I have updated the smiley database with a new category: Army Smileys. It contains all kinds of cool smileys:
And quite a few others.
What are army smileys and emoticons good for? Tons of things – all you macho personalities can definitely show it off with a cool army smile. Soldier and tank smileys are also great for all types of discussions about the army, the different corps and branches. And sometimes, it’s just fun to use a cool militant smiley. Got that, soldier?
Every got an email that had weird ‘J’ letters in it? Didn’t get it? Thought this was some odd emoticon, smiley or new internet shortcut that you are just not aware of?
You are not alone. A lot of people have asked me in the past – what does the letter J mean in emails? Why it is there? Is there a logical explanation that can make sense in this madness.
Here is my answer: The letter J is just how people that don’t use Microsoft Outlook view the smiley generated by Microsoft’s email client. Apparently when you insert a smiley in an outlook message, the actual smiley isn’t graphically embedded in the mail, but a single letter is put there instead. When non-outlook clients or webmail services try to read the message what they see there is the letter ‘J’ and not the actual smiley that was there in the first place.
What do you think? who is the fool here? Should Microsoft stop with the Microsoft-ish behavior and use regular graphic smileys like everybody else? Should other Email services rise to the occasion and make the necessary adjustments so they know how to read this letter and transform the J to a smiley? I am not sure – would love to hear your thoughts in the comments.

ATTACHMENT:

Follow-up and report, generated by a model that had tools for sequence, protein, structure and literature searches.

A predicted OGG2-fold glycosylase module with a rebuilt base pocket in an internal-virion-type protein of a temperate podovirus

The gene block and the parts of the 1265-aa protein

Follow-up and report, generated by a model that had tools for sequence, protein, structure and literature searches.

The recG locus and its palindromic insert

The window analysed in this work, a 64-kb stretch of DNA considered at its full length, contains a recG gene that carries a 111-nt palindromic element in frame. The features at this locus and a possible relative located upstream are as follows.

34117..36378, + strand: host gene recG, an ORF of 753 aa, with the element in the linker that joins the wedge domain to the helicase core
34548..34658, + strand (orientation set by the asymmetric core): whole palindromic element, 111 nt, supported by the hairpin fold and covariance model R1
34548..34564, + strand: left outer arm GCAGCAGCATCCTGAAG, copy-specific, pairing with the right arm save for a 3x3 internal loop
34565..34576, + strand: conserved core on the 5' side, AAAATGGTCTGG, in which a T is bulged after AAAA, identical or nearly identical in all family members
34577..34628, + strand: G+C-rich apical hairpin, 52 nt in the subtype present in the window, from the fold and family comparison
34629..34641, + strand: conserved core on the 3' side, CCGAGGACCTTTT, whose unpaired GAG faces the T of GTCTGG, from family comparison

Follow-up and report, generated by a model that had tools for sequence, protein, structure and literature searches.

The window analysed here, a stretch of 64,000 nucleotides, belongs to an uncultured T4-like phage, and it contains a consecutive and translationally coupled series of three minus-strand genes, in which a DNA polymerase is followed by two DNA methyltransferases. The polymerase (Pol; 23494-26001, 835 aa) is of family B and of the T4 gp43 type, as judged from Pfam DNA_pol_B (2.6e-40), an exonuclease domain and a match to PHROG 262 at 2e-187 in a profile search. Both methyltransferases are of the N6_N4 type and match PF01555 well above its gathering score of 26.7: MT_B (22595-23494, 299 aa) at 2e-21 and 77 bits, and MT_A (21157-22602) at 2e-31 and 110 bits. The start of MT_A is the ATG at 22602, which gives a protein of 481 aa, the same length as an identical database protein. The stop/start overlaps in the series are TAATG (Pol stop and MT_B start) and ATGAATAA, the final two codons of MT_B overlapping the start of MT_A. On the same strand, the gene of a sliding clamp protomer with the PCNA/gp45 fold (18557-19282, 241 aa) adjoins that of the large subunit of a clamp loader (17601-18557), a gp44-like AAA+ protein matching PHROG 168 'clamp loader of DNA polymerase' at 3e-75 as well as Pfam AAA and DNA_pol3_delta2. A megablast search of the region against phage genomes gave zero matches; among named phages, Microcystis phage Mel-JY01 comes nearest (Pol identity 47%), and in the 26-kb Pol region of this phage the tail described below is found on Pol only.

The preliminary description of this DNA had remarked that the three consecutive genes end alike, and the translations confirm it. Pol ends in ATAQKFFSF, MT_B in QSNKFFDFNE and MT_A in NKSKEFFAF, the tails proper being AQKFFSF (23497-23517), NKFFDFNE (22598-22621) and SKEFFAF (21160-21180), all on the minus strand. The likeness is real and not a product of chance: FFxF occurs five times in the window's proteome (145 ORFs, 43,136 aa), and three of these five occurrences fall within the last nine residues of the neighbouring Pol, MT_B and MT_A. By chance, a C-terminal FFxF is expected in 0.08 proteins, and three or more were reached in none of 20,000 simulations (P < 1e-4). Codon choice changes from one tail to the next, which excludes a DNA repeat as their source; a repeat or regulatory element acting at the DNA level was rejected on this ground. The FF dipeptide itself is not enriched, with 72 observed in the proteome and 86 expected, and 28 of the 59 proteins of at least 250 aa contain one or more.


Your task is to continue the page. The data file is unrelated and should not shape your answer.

David Emin Defiantly thinks so! In an answer to a reader’s question, Emin said:
To some of us older generation, emoticons are often considered a bit of an enigma.
The reader apparently has sent an email to his boss, and signed off with a wink. His superior immediately emailed back an said that his email was unprofessional. Emin said that despite’s emoticons function as a way to express emotions and feelings in text messages and web forums, business emails are not the places for these means of communication:
it is not always obvious to the recipient of the message what is actually meant by a particular emoticon.
I used to get e-mails from a certain individual who would always sign off with (_x_). I used to think this was a term of endearment until someone pointed out this actually meant “kiss my arse”. Needless to say, I was not impressed.
Obviously Emin is right that not every email is suitable for emoticons. I can think of quite a few examples where emoticons would be very distastful:
- You are fired
- Just got married, ah? How is your wife in bed?
- I think your presentation sucks, but don’t worry – you’ll do fine in our company. <3
Seriously though, age and culture would be the main criteria for choosing whether or not to use the wonderful art of text smileys. If you are not sure about your recipient, don’t assume anything – be formal and polite. That’s a general good rule in business. At other times, using text smileys or even graphic cool smileys can be a great way to soften a tough to swallow message.
By the way, people who use smileys come in all colors and ages. See these smiley statistics for more.
Bebo, the UK popular social network, announced last week that they have updated their emoticon system. We think the new emoticons look much more slick and are definally a change for the better. Check out this handy list of shortcuts for creating these nifty smileys:
The comments on the original Bebo post were quite mixed. They ranged from: ‘The new emoticons suck’ to ‘Way to go, Bebo!’. What do you think about the new emoticons?